Making a Mayday Call while sailing in Greece is not something we wish you; Mayday calls are made when everything else has failed.
However, you are supposed to know how to make a mayday call in Greece, even if you have a skipper on board, because something might happen to him and you need to be prepared. In any case, knowing something that can potentially save your life is not a bad idea…
How to make a Mayday Call while sailing in Greece
Mayday is a request for immediate assistance in an imminent life-threatening situation. If you hear a Mayday call, listen—do not transmit. Determine if you are in a position to assist. If not, maintain radio silence and monitor the call.
To make a Mayday call, tune to channel 16 and follow the instructions below. Remain calm, and speak clearly. Remember that calling MayDay means that people and boat are in danger, and the situation is out of control and you request for resque.
- Press the PPT and saying, “Mayday, Mayday, Mayday. This is (name of your boat repeated three times).
- Repeat “Mayday, this is (your boat name)” one more time
- Report your position as accurately as possible
- Report the nature of the emergency
- Report the kind of assistance required
- Report the number of people aboard and the condition of any injured
- Describe the boat (length, design, color, distinguishing marks) and her present condition and seaworthiness. The message should not exceed one minute
- If there is no response, repeat the entire message. If there is still no response, try another channel
Making a Pan-Pan Call while sailing in Greece
PAN-PAN announces an emergency when a boat and/or people face a difficult situation but not in imminent danger. As with a Mayday call, listen to the pan-pan call, determine if you are in a position to assist, and keep radio silence if you are not.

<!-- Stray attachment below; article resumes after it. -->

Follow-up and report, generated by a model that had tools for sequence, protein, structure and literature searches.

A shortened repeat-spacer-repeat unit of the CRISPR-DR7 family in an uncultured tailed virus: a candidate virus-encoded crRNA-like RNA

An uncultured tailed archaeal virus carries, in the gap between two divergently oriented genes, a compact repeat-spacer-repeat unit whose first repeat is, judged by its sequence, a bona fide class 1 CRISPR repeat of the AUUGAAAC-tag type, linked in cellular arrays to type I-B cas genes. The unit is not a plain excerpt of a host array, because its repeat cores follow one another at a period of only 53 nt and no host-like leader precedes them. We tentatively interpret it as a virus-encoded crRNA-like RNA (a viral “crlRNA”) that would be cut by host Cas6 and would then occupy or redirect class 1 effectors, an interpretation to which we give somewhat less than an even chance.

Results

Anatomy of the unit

To make a “pan-Pan” call, follow the same procedure but substitute “Pan-Pan” (pronounced pahn-pahn) for “Mayday.” Such a situation could be a fire on board, a man over board etc
Making a Security Call in Greece
SÉCURITÉ (see-cure-i-tay) is the signal that navigation information or weather warnings will be broadcast.
In case you wish to inform other ships or “Radio Olympia” about a general danger concerning navigation in your area (i.e. afloating object) , follow the same procedure but substitute “Securite” (pronounced secureitee) for “Mayday.”
How to Make a DSC Distress Call in Greece
- Lift the protective cover over the distress button and press and hold the button until the radio’s display shows that the call has been sent.
- Once the message has been sent, the transceiver will sound an audible distress alarm.
- The transceiver will automatically monitor channel 70 for a DSC acknowledgement and will also receive calls on channel 16.
- If no DSC acknowledgement is received, the transceiver will repeat the distress call at four-minute intervals until acknowledgement is received.
- When the DSC acknowledgement signal is received, an alarm sounds, channel 16 is automatically selected, and the radio’s LCD screen shows the MMSI of the responding transceiver.
- If the Distress button was pushed in error, many radios will cancel a distress call when the Clr and then Ent buttons are pushed.